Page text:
Part of the charm of the critically acclaimed British television show Call the Midwife is the old-fashioned idea of the nurse midwives helping women prepare for safely delivering their babies in their East End tenement homes. In the late 1950s era depicted, the National Health Service (NHS) in England knew the poor could not afford hospitals, but eventually hospital births became the norm. Now, with 90 percent of births over there taking place in hospitals under a doctor’s care, the British are reversing course and now encouraging women to have babies at home.
Reversing a generation of guidance on giving birth, the NHS in Britain this week issues new guidelines advising women with routine pregnancies to deliver their babies in their own homes or a neighborhood birth center with midwives. The belief, according to the announcement from the National Institute for Health and Care Excellence is to avoid doctors and the possibility of cesarean sections for uncomplicated births. They estimate that almost half of all babies could once again be born at home or a birthing center, and will be better off for it.
“The advantage for the mother is that the further they are from an obstetric unit, the less likely they are to be operated on,” according to Mark Baker, who is clinical practice director of the country’s National Institute for Health Care and Excellence. They will also be less likely “to have an assisted birth, to receive drugs that they don’t want or don’t need,” he added.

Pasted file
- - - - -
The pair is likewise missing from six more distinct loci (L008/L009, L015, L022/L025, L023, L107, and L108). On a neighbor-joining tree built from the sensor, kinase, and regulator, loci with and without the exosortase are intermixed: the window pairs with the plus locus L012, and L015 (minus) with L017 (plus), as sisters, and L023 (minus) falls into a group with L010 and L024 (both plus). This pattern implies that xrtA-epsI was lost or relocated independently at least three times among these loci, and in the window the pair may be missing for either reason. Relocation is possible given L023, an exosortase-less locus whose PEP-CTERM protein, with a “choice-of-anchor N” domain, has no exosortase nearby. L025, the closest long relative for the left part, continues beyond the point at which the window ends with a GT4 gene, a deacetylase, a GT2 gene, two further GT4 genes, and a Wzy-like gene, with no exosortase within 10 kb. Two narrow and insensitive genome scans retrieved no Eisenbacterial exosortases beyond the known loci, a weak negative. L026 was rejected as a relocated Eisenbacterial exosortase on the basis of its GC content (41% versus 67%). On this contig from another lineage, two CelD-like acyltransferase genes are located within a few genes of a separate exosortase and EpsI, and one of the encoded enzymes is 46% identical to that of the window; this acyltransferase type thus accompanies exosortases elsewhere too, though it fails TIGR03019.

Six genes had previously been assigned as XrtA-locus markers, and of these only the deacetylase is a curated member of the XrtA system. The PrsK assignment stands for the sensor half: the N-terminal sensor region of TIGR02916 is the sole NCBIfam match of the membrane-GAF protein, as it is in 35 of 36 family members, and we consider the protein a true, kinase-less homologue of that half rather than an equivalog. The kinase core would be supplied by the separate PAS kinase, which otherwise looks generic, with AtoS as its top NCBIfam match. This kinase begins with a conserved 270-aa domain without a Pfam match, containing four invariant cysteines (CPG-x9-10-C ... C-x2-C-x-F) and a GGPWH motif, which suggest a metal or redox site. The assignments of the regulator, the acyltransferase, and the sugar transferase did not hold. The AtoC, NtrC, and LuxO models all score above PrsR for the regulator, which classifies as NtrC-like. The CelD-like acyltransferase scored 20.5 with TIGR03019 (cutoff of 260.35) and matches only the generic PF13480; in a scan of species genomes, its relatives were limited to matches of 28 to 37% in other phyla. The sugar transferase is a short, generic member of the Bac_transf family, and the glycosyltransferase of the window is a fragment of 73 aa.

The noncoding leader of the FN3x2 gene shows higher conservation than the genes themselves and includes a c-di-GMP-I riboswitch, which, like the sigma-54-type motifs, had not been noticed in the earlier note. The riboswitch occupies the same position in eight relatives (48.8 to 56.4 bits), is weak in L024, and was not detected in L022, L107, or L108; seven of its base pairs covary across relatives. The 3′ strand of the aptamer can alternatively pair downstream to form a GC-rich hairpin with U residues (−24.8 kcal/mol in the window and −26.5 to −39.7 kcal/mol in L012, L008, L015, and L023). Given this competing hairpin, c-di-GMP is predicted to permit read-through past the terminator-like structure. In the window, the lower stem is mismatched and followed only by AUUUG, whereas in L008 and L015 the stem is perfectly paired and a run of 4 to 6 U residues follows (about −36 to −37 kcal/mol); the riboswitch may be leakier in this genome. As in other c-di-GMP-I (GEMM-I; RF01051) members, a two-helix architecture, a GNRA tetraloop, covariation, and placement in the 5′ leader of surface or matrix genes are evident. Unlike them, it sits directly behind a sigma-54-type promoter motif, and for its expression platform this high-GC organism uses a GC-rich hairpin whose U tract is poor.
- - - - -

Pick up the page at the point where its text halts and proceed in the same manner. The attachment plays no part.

Studies support his assertions. Hospital births are more to lead to epidurals, cesareans and episiotomies, according to a 2011 government financed study by researchers at Oxford University. They found that the risk of serious complications or death for babies was generally the same in homes, birthing centers and hospitals, with the exception of first-time mothers, who had a little higher risk from home births. Still the odds of serious complications are slim for first-time mothers, with slightly less than 1 percent of home births experiencing serious complications, versus one-half of 1 percent for hospital births.
In the U.S., more women are having babies at home or in birth centers, but the numbers are still really low. Only 1.36 percent of American babies were born outside of a hospital in 2012. The American College of Obstetricians and Gynecologists still views the hospital as the safest place to deliver.
The difference in both countries is financial and in training. In the U.S., where people are more litigious and ready to blame what there is a complication, the cautious approach offered by a hospital setting and rush to intervene with surgery or drugs, both of which will increase costs. In Britain’s taxpayer-funded system, however, there are no financial incentives for doctors to deliver in a particular setting. There is a financial incentive for the government, though. A traditional hospital birth costs the British government’s health system about $2,500; conversely, a home birth costs roughly $1,500 and a birth center about $2,200. By contrast, an American study found California women being charged from $3,296 to $37,227 for a simple vaginal delivery, depending on the hospital. C-sections cost twice as much with an equally large price difference.
The U.S. and British midwife training differences also come into play in encouraging home births. In Britain, training to be a midwife is a three-year university-based program with clinical rotation training. In the U.S., training varies in difference states, with some not having any requirements for licensing or formal training.
By Dyanne Weiss
New York Times